JW: One thing that separates affiliate from the other channels is the relationships. It’s a people-driven environment where the individuals make a massive difference in every aspect. 

As the industry continues to evolve, sometimes I feel like this aspect is being forgotten as the new generation arises. This is something I will continue to champion in my day-to-day activity, for the people I work with and at TradeTracker.

I think that over the years you find that you can’t keep everyone happy and we must work to a resolution. Merchants are more interested in learning more about their customer journeys and people are looking beyond the ‘last-click wins’ model. Tools like the TradeTracker's conversion path tracking present an opportunity for deeper insight and highlights the value of all publishers involved in the user experience.

Are these areas that you’ll be able to make a direct impact on within your position at the network?

JW: With my experiences of the different networks, working publisher-side and through the relationships created, I feel like I have a solid understanding of how to build partnerships. I’ll definitely be bringing my signature stamp to TradeTracker. 

When talking about growing trends in affiliate, people often point to content and influencers, as well as moves away from last click. From your personal view, where are we likely to see the channel heading in 2017?

JW: At PMI: London last week, attribution again was a hot topic. It was commented that 2017 will be the “year of attribution” in the affiliate channel. One expert panel said, “change is good - but who will go first?”

There still seems to be an element of uncertainty about how things will play out, but I think the main question that we can look at in the ‘here and now’ is the knowledge and data insights of the individual publishers in the user journey, and what effect they are having on overall campaigns. Now that we can see that, it is the first step to answering the ongoing debate that has been raging for years.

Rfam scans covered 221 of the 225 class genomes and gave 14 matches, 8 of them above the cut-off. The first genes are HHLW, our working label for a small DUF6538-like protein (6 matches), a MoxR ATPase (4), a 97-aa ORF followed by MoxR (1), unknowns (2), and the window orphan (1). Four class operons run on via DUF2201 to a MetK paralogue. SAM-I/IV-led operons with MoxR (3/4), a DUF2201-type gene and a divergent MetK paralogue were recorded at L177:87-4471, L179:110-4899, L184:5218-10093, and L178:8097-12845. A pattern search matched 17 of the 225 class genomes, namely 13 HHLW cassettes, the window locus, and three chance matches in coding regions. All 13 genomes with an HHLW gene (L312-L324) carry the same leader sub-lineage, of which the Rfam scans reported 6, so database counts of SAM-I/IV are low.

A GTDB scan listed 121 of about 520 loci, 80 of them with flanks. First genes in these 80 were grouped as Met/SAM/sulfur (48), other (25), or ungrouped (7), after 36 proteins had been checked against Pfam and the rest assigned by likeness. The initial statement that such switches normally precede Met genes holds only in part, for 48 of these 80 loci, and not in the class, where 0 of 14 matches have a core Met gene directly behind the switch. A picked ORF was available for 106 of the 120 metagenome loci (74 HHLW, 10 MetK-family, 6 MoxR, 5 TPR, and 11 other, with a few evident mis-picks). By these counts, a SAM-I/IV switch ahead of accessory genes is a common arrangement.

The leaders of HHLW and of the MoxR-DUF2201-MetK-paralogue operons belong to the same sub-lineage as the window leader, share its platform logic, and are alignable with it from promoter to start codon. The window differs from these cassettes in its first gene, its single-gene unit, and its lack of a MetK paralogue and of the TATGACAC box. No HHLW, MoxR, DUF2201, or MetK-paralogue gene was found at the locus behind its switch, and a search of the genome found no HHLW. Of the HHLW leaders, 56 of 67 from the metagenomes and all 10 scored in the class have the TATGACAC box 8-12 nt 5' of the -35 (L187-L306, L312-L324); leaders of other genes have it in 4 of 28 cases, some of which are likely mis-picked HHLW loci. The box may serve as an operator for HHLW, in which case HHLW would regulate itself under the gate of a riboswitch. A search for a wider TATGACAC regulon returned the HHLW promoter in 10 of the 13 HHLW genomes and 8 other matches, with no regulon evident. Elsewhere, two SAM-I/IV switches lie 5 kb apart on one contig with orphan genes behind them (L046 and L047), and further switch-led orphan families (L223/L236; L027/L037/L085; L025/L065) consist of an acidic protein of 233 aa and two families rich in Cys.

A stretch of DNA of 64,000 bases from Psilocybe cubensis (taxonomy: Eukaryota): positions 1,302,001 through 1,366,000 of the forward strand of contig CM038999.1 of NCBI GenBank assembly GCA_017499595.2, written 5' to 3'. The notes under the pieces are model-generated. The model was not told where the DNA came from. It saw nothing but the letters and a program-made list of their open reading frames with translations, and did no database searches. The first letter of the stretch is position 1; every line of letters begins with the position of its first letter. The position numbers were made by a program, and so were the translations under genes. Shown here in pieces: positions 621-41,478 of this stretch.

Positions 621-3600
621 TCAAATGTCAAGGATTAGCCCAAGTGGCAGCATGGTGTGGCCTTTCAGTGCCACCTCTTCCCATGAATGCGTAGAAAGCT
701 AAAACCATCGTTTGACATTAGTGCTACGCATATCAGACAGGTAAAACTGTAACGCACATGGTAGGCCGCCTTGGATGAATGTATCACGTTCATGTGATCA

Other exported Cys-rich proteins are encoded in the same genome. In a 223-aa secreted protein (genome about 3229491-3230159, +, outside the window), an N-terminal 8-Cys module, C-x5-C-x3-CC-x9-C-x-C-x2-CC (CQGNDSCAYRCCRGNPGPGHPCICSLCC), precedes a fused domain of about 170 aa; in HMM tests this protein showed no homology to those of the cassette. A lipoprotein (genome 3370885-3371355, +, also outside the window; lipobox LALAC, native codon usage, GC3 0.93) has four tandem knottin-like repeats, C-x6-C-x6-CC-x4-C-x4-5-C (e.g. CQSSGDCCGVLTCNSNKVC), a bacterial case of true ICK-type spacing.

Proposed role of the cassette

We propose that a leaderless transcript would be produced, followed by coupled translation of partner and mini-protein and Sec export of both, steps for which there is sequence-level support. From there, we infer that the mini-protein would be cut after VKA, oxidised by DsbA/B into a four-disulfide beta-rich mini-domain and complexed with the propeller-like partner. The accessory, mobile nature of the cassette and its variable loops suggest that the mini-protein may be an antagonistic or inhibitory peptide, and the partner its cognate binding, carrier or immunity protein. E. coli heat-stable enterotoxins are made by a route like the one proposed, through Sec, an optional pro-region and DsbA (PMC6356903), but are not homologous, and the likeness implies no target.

Based on your wealth of experience, what shreds of advice would you hand down to an account manager just starting out in the industry? 

JW: For me it’s all about service; building the partnerships between advertiser and publisher. Consistency will lead to understanding the campaign. When you have a greater understanding of the publisher business and their partners, this will allow you to add value and scale up accordingly. 

The main advice I would give is to know your partners well, have regular meetings - whether it’s formal or even a lunch date of a networking meeting. Don’t be afraid to try new things and see what works best. When you find something that works well, make sure you share it with your colleagues.

With TradeTracker a key partner at this year’s Performance Marketing Insights, what were your main takeaways from the event’s agenda?

JW: I spent most of my time on the TradeTracker stand catching up with some old faces and meeting new partners. I had back-to-back meetings both days including lots of foot traffic. By the end, I was completely shattered but it was all well worth it and completely invaluable.

I managed to get to a couple of seminars and had a front row seat for the “Consequences and Opportunities of the Affiliate Commercial Model”, where it was interesting to hear all the different perspectives from networks, publisher and advertisers.

The highlight of the event for me was just being back in the thick of things. It was my first month at TradeTracker and being back network-side, and what a way to kick things off at PMI. The excitement of doing what I love doing is encapsulated by meeting and greeting all my colleagues and friends that I’ve met over the years.

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Mark  Jones

Mark Jones

Editorial Executive at PerformanceIN. Mark reports performance marketing news and manages PI's network of guest contributors.

Originally from Plymouth, Mark studied in Reading and London, eventually earning his Master's in Digital Journalism- before making his return to the West Country to join the PI team in Bristol.